After intense scrutiny and a wide debate across Europe on the increasing number of refugees coming to the continent, German Chancellor Angela Merkel has admitted that she made some mistakes in the open door policy that welcomed record numbers of migrants.
"We didn't embrace the problem in an appropriate way. That goes as well for protecting the external border of the Schengen area," Merkel said in an interview, according to Breitbart News, on Thursday.
"In Germany we ignored the problem for too long and blocked out the need to find a pan-European solution," she added.
Merkel also said that she "cannot deny" that Germany had become complacent after years of welcoming migrants from other nations.
Politico noted that the German leader also made a promise that the enforcement of law will be tightened, and refugees who do not qualify for asylum in the country will be returned home.
Still, she expressed confidence that migrants who have won legal right of asylum in Germany will be able to integrate into society.
Merkel has repeatedly stuck to the motto "we can do this," when it comes to providing a safe place to stay for the 1.1 million refugees who came to Germany in 2015, and many others that have continued to arrive in 2016. But several high-profile incidents have sparked unrest and protest among the German people.
Far-right movements such a PEGIDA have led campaigns against Germany's welcome of refugees, blaming them for an increase of crime in several cities.
"People are very unhappy with her refugee policies," said Helmut Schroeder, a 61-year-old unemployed locksmith in Greifswald. "It's astonishing that one woman could take such a momentous decision on her own. We are not a monarchy."
Other commentators, such as Stefani Weiss, director and expert on European politics at Bertelsmann Stiftung, an independent, nonprofit German foundation, told The Christian Post back in January that Germany cannot handle Europe's refugee crisis on its own.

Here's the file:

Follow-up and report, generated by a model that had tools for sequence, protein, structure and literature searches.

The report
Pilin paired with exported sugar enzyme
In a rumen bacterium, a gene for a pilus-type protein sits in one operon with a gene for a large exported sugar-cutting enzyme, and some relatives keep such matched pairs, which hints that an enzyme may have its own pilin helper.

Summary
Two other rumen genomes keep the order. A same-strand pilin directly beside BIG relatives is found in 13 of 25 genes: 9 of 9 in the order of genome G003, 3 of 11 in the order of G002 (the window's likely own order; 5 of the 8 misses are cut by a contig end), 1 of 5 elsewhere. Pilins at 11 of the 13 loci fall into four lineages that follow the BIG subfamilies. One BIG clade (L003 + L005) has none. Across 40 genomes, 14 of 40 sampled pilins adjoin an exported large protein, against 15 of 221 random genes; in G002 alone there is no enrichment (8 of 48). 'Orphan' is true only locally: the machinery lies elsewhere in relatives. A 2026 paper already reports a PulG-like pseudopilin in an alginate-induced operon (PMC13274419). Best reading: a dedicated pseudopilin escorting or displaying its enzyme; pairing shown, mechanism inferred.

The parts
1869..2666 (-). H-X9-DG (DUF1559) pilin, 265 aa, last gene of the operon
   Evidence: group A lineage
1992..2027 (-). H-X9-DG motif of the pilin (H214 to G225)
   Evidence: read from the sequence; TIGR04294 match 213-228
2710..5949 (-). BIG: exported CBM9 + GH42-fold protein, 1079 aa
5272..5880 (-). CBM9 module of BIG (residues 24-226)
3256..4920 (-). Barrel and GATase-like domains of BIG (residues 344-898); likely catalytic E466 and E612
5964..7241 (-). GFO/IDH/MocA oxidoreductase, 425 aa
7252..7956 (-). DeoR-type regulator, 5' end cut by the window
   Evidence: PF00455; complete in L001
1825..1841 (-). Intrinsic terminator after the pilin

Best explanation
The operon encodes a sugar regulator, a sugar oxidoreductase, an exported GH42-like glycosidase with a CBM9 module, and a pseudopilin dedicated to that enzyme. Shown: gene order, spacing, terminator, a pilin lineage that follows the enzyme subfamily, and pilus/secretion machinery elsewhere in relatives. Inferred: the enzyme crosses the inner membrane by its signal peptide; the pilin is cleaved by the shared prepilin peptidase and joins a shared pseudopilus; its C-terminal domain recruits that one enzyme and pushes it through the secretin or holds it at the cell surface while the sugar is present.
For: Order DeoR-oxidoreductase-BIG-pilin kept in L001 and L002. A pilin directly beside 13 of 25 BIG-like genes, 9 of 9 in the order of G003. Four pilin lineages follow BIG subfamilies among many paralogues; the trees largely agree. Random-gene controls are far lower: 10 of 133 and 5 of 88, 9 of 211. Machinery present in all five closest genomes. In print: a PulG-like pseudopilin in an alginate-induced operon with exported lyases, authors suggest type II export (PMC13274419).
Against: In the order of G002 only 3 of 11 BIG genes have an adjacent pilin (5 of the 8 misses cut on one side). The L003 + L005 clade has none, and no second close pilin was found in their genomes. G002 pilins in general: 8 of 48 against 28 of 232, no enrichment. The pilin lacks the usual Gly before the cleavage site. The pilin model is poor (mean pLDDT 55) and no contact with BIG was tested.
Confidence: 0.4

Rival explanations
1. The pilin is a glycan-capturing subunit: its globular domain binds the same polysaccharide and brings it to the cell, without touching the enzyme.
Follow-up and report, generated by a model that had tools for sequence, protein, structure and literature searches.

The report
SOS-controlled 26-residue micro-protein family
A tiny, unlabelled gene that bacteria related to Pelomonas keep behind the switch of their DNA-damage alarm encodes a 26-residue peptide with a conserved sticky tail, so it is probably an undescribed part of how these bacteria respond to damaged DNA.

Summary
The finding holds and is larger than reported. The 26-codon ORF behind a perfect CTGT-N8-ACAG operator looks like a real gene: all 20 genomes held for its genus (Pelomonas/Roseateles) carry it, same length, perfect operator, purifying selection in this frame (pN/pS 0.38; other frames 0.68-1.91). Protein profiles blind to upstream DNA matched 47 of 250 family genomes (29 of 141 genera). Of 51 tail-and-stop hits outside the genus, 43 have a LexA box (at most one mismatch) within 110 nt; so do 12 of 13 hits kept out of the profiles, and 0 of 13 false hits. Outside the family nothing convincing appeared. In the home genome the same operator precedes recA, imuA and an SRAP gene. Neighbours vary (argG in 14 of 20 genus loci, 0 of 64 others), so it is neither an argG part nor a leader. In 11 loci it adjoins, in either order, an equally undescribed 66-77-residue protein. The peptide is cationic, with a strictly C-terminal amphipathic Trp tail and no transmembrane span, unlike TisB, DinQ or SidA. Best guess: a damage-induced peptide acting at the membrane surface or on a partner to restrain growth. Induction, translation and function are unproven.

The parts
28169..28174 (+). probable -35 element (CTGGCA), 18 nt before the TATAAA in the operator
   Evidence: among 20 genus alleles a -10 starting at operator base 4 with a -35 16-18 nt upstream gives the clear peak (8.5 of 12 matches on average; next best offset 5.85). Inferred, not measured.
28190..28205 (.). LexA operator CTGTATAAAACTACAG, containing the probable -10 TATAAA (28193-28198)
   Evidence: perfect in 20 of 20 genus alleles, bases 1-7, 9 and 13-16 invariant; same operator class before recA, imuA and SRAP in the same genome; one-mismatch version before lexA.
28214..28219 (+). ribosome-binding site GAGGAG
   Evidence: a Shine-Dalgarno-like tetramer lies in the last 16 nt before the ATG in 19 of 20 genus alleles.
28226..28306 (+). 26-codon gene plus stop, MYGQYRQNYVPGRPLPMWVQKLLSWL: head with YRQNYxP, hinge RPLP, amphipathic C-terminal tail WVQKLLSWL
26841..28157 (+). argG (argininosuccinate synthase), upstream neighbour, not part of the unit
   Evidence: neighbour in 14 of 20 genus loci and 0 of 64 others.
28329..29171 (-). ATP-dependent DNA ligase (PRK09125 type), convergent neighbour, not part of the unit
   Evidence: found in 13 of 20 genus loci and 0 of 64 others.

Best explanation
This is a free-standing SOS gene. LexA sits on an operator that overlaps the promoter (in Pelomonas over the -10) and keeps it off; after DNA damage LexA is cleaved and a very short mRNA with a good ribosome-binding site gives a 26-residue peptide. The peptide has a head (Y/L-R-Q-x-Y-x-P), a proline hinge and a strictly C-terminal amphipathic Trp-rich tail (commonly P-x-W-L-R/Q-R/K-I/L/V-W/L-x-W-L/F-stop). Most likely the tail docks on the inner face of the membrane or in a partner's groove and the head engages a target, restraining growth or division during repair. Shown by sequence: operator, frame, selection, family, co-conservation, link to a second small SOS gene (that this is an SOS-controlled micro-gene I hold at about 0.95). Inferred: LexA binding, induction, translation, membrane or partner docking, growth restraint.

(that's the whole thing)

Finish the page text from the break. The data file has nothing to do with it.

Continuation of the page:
"The member states need to accept that this is a European problem, and that it needs a European solution. We have to be more aware of the risks which might be involved regarding our security and safety, but we shouldn't put refugees and criminals into one basket," Weiss told CP.
Reuters reported that it's not yet clear whether Merkel will decide to run for a fourth term in 2017, as she faces declining popularity ratings while regional elections in September could deliver big gains for her political opponents.
An opinion poll on Thursday reportedly showed that Merkel's approval rating has fallen to 45 percent, which is the lowest point in five years.
Oxford historian and author Timothy Garton Ash predicted that Merkel might be on her way out of power, despite the Chancellor promising the German people that there will not be as many refugees admitted in 2016 as last year.
"Merkel is Europe's indispensable leader, because of the position of Germany, but also her standing and experience as a leader," Ash offered.
"But there is a universal law in politics that says 10 years is enough. When leaders stay longer they start making mistakes. It happened to De Gaulle, Kohl, Thatcher and to Erdogan and Putin. Now it seems to be happening to the pragmatic, cautious Angela Merkel."